lives in a tiny house among forests in Espoo, Finland,
their first son Rami now had a baby brother to play with in the back yard, in what
would become their first racing track. From racing in wooden carts, bicycles with
wobbly wheels and snow sledges made from their school bags, Rami and Kimi were
a fun loving pair of young brothers.
While father Matti worked hard shifts as a truck driver in
quarry transport and Paula as a clerk, Kimi touched anything with wheels and an
engine and left his mark. He wasn’t alone in discovering this burning flame
inside; his parents did everything they could, financially and morally, to help
Kimi grow and let nature take control of the gift within.
Kimi was six years old when he once went for a check up at
the doctors with mother Paula. While his mother and the doctor were speaking,
Kimi, in a games corner, began to distress himself and to get nervous. Immediately,
the doctor thought the child could be affected by disturbs of concentration,
even if it was only about toys. Instead Kimi, who loved riddles very much at those
times, had found a puzzle suited to his age that seemed to him too easy. So he
wanted another challenge- one for children aged 10-15. Being a little worried,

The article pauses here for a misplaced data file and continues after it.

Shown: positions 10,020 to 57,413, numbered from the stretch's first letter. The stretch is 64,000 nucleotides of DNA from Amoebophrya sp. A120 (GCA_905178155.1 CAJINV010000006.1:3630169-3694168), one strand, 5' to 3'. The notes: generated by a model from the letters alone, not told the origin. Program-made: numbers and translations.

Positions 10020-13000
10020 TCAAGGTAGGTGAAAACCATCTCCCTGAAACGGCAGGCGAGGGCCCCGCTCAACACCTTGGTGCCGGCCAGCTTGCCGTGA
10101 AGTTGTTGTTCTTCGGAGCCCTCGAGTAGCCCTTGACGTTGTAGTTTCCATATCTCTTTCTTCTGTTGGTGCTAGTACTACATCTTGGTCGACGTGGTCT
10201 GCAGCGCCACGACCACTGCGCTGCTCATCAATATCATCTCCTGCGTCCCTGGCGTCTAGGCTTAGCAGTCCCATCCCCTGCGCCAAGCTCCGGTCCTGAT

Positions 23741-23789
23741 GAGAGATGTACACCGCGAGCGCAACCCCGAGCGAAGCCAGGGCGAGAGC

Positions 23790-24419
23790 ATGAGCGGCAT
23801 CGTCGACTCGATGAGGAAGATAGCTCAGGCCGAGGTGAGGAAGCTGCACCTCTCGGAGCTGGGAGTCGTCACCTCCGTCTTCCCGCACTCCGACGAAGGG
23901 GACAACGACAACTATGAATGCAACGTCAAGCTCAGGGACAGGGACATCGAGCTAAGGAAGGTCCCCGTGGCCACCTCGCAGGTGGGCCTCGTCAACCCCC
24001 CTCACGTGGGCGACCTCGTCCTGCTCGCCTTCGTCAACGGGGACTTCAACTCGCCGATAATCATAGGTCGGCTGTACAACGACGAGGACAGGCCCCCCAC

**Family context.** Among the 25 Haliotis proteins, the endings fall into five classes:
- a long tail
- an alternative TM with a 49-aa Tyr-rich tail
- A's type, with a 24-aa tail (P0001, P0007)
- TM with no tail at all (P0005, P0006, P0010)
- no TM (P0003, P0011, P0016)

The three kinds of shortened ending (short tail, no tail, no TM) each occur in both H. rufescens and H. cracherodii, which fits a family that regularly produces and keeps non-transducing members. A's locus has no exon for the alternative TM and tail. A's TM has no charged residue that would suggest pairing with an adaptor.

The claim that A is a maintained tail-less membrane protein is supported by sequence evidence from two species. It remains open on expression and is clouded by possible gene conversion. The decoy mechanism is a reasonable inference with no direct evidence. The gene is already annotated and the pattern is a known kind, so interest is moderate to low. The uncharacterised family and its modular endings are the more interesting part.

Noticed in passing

the nurse hesitated at the young wonder’s demand. At the end, Kimi obtained
what he wanted and quickly put the pieces in the right places with a gleaming smile.
Speaking to Paula, the doctor laughed: “For sure this boy doesn’t have
School wasn’t Kimi’s favourite thing to do as a child, but
he enjoyed the sport classes, and the more practical workshops such as
Mechanics. In anything he tried, Kimi always showed his true nature; a
competitor, and a mighty strong one:
“It’s difficult to play with Kimi, for example at ping pong.
If I play well, Kimi always must try to prevail, however”, says brother Rami
In typically Finnish nature, Kimi was always the shy boy and
perhaps still is. But his childhood friend Toni Vilander explains that beneath
this silent enigma is an energy, fierce and infinite.
“Sometimes you have to let Kimi win, because he does not